The researchers used data from two samples of speed daters, who filled out questionnaires about more than 100 traits and preferences and then met in a series of four-minute dates.Afterward, the participants rated their interactions, indicating level of interest in and sexual attraction to each person they met.Diving a bit deeper into the genetic pool, pheramones are controlled by each person's type of human leukocyte antigen, or HLA.And, it says, the greater difference in HLA types, the stronger the chemistry is between two people, which is why Pheramor states, "‘Opposites attract’ is the basis for attraction." The company then combines your DNA data with your overall social media footprint to build your dating profile, creating an algorithm that, according to its website, "predicts your compatibility based on your attraction, personality and social media." Pheramor cites a 1997 study, saying it found that "attraction via pheromones is based on genetic diversity of 11 “attraction” genes," adding that "genetic-based human attraction studies have proven for decades to be an indicator of attraction and compatibility." However, that may be overstating things somewhat.Machine Learning Applied to Initial Romantic Attraction,” was published today in the journal . Eastwick of the University of California, Davis, and Eli J.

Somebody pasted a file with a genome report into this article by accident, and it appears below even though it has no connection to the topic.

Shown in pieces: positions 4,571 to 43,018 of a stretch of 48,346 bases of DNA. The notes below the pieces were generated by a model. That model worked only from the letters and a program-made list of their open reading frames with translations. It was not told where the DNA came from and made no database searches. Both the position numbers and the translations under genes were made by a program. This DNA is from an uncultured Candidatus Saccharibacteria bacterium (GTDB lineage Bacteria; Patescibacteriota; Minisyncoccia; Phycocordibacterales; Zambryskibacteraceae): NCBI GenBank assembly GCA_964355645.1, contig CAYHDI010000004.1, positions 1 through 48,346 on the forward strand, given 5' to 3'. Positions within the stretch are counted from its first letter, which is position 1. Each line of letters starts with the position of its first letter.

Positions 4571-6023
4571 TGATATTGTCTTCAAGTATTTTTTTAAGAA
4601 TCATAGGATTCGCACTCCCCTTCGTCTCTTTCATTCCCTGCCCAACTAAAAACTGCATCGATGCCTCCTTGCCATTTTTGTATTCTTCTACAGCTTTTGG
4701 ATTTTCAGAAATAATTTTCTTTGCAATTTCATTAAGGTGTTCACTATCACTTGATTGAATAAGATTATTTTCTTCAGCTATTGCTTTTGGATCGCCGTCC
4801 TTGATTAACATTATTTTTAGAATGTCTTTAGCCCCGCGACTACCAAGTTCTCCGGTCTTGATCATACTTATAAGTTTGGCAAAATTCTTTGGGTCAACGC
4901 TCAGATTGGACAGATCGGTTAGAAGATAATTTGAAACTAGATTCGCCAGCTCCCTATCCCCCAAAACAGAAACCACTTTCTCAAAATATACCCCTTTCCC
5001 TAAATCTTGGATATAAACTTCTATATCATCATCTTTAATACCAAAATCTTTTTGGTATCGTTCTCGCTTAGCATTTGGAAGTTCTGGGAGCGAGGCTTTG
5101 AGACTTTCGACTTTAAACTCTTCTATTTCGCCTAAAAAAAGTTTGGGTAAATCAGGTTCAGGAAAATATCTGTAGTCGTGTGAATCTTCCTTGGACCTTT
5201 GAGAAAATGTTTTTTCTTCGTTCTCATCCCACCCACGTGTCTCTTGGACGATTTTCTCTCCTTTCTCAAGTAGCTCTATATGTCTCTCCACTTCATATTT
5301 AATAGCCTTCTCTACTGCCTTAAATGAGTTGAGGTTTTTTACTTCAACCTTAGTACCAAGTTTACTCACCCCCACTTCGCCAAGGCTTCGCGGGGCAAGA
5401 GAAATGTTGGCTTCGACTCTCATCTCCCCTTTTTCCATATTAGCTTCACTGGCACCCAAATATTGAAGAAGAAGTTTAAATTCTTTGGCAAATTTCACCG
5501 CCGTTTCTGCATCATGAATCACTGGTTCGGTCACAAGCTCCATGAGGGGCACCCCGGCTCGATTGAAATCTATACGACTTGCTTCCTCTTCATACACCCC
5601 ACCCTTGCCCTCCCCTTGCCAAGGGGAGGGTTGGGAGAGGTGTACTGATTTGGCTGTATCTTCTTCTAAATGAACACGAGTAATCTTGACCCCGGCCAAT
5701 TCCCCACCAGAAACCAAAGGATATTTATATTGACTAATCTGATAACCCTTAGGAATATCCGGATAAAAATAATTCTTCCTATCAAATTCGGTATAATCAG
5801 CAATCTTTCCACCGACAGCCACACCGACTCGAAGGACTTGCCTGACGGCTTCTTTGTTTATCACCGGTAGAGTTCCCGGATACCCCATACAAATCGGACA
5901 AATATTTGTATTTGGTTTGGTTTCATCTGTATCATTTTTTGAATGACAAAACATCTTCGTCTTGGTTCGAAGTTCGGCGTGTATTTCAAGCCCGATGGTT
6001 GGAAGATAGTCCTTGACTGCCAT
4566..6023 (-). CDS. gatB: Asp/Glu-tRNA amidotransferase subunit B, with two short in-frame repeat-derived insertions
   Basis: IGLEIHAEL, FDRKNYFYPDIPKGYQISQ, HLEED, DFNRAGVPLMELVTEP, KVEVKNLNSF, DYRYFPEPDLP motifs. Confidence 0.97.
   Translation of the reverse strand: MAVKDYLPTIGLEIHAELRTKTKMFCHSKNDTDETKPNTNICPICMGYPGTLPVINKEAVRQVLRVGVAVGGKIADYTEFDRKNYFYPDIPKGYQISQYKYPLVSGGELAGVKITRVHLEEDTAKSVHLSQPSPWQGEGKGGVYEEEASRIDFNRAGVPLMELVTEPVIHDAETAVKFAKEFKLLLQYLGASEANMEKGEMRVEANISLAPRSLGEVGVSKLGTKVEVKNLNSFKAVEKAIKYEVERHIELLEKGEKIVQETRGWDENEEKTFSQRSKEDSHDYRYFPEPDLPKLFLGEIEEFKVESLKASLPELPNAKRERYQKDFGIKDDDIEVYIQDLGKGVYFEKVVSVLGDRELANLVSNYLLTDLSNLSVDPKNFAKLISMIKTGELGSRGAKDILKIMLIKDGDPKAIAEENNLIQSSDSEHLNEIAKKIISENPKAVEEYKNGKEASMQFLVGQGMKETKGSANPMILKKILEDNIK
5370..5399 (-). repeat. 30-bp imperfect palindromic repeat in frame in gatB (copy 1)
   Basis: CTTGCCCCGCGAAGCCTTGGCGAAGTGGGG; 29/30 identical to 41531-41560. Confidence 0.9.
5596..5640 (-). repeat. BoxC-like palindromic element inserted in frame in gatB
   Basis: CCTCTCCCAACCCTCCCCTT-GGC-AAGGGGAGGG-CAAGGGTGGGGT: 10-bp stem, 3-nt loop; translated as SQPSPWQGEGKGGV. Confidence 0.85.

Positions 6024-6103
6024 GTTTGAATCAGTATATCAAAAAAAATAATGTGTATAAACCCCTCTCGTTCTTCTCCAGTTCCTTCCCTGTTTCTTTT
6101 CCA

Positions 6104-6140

D, our Senior Fellow in Molecular Biology who previously wrote on this topic.Joel also will present the findings at TEDx Salt Lake City on Sept.9 at Kingsbury Hall on the University of Utah campus."And, pheromones have been identified in mammals with much of the research being done in mice.
However, we cannot simply extrapolate that to humans." Pheramones and HLA are complex topics, and as a result it would be best to have her explain them further.
Here's her take on the science behind the company's approach.